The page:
Rather than bringing a bunch of stress and urgency and judgment to our vocalization and our warm-up, what if we brought a sense of lightness and levity and laughter and joy and fun? Almost, we’re laughing to the point of not being able to sing. It’s certainly a worthy experiment.
If you’re like me, you’ve already done the other. If you’re like me, you’ve already put a lot of pressure on your voice to make you feel good. You’ve already come to the party feeling like, “Well, I’m miserable today. At least maybe, my voice will work today.” How many times have we put that on our voice, and our voice has, again, let us down really?
So, when we set ourselves up that way—and we really do set ourselves up for not having a really good time singing—what we want to do is get back to that joy of singing that little kids have where it’s not about being judged. It’s not about even being good. It’s just about creating.
It’s that kind of thing like my little boy. As these kids grows—and of course, we do too—they go through stages and phases. But I remember when he first started playing Lego. And he would just, at random, put Legos together. Any creation that he made, no matter what it looked like, whether or not it functioned as anything, any creation that he made was his. He was proud of it. He was excited about it and happy about it.
And then, you get a little older, and you get a little older. And then, he starts being able to look at the instructions and put little Legos together. And so he does that. And then, he starts taking Legos apart.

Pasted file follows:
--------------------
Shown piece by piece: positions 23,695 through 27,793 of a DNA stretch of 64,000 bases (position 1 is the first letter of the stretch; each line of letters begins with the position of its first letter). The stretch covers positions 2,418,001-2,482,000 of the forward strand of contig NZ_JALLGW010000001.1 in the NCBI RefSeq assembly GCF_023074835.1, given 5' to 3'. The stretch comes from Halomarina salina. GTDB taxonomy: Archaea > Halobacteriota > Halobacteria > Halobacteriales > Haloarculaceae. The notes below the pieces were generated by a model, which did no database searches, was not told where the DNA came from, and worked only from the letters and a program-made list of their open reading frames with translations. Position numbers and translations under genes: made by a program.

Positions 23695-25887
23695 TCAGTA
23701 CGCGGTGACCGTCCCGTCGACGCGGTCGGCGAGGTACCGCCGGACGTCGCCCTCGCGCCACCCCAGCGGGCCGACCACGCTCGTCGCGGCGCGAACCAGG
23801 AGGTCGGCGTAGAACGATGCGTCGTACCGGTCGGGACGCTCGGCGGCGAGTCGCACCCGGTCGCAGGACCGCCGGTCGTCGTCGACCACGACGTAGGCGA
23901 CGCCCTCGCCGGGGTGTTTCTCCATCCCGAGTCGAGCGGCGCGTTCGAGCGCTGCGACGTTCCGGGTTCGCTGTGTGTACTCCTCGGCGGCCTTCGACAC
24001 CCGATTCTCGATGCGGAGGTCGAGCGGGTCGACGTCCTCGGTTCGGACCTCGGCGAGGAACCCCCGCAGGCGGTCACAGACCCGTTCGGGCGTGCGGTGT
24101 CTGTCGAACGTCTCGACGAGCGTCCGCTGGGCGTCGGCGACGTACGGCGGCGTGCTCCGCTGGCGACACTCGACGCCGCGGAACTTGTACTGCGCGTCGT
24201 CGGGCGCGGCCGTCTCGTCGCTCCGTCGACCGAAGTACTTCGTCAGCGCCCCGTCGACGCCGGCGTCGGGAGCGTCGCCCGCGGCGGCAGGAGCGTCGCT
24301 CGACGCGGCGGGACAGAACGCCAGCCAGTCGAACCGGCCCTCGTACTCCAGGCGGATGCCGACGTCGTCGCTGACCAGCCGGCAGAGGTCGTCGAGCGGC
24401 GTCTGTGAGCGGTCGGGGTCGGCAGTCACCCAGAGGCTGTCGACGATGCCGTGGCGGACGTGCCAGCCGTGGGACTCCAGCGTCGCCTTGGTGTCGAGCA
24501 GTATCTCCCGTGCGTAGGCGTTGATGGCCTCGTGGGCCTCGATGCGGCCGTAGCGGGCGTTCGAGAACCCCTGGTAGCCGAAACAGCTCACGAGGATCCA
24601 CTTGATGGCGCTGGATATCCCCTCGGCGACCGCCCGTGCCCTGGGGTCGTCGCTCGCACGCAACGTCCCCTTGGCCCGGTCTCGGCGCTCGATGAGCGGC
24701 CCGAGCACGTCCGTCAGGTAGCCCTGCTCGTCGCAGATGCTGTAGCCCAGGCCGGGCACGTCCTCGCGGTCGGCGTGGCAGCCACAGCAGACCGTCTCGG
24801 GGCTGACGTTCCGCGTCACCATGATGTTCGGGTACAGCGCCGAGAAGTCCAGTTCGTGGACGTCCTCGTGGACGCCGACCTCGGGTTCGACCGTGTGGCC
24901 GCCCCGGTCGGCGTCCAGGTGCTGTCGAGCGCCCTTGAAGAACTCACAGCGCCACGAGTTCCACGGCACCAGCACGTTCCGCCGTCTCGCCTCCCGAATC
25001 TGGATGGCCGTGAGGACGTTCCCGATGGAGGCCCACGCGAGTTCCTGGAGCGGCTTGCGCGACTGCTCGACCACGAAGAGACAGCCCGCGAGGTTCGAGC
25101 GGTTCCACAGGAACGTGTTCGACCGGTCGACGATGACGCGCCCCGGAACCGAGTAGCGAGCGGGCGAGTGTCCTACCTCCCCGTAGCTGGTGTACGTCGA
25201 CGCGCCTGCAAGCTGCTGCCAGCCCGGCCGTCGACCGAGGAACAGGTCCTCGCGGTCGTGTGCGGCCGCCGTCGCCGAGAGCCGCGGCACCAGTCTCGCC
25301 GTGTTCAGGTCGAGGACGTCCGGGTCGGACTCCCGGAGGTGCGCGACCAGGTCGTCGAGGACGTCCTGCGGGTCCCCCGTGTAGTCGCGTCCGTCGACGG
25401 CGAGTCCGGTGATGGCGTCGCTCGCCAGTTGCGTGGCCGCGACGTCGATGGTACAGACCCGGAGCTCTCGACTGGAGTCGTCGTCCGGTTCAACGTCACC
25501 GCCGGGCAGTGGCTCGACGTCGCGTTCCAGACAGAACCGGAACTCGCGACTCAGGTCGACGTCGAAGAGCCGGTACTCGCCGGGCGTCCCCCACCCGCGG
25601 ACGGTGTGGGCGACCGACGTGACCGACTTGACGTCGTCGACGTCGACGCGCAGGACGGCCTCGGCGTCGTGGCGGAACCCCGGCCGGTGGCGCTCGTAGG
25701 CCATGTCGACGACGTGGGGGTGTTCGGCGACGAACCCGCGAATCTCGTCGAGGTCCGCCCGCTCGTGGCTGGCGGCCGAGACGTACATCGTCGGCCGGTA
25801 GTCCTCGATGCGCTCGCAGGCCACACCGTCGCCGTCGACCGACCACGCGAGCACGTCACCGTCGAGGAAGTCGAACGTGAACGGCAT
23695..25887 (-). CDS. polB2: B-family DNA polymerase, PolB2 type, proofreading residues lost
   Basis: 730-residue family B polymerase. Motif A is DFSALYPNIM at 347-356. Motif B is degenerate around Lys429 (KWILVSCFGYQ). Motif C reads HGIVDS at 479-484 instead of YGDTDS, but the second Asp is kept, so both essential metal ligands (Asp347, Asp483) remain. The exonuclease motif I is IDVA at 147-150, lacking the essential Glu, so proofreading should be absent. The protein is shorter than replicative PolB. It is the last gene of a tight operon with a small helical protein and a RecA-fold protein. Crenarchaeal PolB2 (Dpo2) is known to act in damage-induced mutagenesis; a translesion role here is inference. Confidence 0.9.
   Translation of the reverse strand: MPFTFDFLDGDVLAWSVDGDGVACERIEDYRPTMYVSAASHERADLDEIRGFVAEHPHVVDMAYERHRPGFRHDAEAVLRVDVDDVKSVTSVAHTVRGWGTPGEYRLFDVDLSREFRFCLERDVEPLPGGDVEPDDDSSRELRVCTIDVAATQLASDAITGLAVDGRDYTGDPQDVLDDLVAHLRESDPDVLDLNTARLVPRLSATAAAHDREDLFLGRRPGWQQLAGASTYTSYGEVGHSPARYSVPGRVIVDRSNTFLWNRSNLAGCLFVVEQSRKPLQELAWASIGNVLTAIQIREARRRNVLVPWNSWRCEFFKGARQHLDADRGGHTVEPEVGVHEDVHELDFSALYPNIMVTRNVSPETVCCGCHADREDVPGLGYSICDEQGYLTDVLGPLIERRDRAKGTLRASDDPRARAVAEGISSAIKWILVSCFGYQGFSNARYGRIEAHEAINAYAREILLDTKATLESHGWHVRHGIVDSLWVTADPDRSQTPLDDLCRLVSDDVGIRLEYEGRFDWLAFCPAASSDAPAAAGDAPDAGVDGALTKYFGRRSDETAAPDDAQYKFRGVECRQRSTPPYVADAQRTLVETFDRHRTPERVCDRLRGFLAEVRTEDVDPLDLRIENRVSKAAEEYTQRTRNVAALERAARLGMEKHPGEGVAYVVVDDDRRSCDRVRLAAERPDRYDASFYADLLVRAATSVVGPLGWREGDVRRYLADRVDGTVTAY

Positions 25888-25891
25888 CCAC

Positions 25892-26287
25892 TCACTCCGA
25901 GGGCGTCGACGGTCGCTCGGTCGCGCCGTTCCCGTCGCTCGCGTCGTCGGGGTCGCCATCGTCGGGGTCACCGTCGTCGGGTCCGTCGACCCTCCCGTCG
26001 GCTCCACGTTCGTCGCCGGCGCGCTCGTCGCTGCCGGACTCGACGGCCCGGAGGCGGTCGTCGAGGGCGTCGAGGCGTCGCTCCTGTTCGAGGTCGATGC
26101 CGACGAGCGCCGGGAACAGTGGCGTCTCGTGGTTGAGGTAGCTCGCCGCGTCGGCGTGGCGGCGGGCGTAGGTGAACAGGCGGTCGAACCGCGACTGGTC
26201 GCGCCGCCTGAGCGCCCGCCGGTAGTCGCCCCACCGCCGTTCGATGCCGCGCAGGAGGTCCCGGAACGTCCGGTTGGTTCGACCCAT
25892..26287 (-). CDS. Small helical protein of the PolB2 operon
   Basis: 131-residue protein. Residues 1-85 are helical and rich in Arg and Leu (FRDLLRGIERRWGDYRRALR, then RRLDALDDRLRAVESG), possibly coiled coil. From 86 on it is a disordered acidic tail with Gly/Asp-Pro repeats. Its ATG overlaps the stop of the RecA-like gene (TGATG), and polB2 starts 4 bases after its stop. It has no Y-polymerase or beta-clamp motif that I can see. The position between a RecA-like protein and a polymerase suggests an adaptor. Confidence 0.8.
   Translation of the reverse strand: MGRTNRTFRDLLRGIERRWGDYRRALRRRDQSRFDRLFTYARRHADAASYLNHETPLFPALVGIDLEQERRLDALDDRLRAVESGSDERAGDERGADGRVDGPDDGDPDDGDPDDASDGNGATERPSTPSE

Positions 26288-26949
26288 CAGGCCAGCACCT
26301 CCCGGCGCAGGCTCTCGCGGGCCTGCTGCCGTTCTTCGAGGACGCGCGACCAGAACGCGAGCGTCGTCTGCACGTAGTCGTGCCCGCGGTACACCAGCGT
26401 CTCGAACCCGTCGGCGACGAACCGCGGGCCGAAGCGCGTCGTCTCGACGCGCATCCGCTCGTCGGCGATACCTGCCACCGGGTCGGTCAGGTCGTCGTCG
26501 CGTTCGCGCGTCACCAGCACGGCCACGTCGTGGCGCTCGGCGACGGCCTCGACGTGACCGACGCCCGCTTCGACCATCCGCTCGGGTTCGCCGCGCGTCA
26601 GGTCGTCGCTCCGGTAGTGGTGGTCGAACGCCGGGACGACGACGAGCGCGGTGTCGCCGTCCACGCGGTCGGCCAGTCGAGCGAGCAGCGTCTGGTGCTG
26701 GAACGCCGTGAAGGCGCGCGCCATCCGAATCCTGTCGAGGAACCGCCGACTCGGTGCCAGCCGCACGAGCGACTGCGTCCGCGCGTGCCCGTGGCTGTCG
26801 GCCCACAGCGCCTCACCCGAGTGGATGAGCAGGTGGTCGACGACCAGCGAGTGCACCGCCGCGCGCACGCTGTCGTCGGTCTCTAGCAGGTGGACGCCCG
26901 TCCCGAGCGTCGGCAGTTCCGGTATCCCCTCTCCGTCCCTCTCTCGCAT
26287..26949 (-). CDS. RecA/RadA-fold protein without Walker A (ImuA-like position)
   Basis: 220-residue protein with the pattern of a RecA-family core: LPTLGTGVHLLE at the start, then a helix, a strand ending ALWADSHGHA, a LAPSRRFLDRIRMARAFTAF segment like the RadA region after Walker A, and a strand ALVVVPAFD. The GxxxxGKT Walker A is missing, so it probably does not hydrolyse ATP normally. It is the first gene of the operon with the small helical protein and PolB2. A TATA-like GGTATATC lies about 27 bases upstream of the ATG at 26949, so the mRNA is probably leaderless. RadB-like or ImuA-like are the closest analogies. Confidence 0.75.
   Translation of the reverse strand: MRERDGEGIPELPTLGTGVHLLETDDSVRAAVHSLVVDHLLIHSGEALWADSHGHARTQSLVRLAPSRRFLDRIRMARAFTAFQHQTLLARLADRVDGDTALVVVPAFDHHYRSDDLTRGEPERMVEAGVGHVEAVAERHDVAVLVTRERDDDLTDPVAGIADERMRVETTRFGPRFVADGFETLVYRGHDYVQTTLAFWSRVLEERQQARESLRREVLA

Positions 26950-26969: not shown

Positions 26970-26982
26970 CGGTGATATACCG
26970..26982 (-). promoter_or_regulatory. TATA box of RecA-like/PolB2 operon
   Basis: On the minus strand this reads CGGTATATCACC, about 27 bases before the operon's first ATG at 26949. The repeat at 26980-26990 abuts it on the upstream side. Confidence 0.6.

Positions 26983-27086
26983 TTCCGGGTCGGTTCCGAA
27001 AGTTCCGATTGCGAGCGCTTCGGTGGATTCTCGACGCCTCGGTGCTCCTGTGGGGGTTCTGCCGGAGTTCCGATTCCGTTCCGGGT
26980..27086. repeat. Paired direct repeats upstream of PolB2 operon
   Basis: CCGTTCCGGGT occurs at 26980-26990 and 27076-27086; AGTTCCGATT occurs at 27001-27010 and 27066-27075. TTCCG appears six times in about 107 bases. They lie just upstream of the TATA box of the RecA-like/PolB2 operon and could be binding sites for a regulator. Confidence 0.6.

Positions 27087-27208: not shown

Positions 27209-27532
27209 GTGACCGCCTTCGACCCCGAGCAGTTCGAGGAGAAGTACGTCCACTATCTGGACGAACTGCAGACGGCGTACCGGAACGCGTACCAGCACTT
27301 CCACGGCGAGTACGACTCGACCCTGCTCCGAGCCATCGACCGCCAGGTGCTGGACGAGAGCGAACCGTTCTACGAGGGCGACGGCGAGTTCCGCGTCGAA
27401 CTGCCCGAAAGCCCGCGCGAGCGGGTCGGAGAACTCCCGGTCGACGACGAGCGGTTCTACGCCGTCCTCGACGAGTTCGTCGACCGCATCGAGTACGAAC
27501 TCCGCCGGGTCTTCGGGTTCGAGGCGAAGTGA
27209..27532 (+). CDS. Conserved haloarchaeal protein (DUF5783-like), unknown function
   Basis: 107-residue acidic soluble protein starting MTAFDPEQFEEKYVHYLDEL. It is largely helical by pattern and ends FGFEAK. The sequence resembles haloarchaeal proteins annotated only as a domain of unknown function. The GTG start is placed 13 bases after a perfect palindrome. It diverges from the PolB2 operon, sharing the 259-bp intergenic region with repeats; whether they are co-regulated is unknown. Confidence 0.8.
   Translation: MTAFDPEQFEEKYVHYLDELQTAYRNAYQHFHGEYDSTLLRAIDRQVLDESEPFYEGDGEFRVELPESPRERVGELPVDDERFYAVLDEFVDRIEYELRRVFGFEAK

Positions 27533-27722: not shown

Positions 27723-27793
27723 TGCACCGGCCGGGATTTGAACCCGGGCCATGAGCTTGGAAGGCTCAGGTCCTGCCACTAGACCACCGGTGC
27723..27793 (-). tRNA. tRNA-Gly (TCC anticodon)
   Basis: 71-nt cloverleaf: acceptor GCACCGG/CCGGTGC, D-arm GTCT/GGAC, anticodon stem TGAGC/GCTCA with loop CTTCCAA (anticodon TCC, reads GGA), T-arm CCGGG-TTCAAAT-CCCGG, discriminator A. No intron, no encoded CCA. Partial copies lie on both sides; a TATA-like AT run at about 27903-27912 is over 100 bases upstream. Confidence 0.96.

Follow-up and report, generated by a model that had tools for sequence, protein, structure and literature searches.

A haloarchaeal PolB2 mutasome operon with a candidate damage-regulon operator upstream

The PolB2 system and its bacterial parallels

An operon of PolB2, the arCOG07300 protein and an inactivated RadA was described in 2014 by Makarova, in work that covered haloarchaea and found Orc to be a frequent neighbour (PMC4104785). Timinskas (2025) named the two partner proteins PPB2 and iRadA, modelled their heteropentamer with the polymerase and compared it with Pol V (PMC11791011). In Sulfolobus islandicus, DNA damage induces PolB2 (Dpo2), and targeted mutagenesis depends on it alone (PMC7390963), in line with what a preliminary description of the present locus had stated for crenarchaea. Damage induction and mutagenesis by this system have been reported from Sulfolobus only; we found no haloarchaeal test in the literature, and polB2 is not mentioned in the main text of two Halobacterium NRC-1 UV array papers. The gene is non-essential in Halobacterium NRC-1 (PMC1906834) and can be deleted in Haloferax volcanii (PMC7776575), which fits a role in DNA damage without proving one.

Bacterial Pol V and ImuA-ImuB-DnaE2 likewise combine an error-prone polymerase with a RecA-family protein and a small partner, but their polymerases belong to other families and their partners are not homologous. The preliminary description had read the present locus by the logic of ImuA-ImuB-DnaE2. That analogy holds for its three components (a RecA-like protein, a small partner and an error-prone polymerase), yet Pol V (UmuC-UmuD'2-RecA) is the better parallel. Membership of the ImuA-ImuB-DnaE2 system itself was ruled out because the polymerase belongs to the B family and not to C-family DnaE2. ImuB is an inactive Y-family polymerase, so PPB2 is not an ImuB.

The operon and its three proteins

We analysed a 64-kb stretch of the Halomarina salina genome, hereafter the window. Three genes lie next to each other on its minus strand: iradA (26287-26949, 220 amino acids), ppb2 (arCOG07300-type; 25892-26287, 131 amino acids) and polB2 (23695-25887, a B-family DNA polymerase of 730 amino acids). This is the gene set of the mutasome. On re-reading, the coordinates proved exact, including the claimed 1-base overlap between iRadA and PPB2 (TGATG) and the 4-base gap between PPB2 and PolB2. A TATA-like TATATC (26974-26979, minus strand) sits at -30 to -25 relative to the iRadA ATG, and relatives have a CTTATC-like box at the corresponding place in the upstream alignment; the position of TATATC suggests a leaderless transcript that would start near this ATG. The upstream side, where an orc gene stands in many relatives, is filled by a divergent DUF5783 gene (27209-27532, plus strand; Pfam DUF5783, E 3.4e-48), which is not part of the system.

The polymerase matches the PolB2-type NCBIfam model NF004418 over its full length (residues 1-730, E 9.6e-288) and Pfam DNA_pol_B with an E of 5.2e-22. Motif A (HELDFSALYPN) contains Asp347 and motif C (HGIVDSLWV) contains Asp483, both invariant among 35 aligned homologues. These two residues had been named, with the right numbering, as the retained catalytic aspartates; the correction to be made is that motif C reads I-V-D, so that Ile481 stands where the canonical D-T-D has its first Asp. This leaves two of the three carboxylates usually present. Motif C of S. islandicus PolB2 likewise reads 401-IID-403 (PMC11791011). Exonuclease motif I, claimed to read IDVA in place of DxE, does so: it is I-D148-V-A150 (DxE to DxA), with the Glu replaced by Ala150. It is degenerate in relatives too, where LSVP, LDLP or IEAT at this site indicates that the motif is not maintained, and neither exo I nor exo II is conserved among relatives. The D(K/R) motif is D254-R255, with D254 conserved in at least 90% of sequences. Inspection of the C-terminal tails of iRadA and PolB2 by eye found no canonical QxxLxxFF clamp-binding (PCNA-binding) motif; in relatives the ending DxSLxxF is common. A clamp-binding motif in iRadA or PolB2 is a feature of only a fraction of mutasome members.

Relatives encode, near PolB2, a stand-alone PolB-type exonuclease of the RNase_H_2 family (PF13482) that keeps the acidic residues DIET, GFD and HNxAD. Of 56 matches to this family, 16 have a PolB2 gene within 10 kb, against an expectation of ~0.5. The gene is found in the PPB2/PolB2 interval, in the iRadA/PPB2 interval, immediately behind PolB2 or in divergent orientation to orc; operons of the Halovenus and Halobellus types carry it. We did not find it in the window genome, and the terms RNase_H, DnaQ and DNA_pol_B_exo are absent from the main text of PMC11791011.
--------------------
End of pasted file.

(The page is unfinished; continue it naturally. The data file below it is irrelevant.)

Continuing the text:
At this point, he has a bin full of Legos. He’ll sit down and he’ll—during that stage—randomly put Legos together to create something. And then, he’ll look at it. And since now, he has the experience of putting Legos together with the instructions and seeing how they looked like when they’re finished and polished and created by professionals, so to speak, well now, he looks at what he put together with judgment.
Whereas it used to be “throw a bunch of Legos together, have this cool creation, ‘Wow! Daddy, look at what I did.’ ‘That’s awesome!’” And then, the next stage, reading instructions, looking at the Legos, putting them together, “Wow! This is great. It looks just like the picture on the box.”
And then, taking all those apart and creating something else by having it not look like the picture on the box. It’s like, “Oh, this is terrible. This doesn’t look good.” And it’s like, “No! It’s great. It’s your creation.” “Yeah. But now, it doesn’t look like anything. I thought it was going to be like this.”
I say, “Well, yeah. But before, when you were little and you were just playing and having a great time, you were just throwing things together and it was fun.”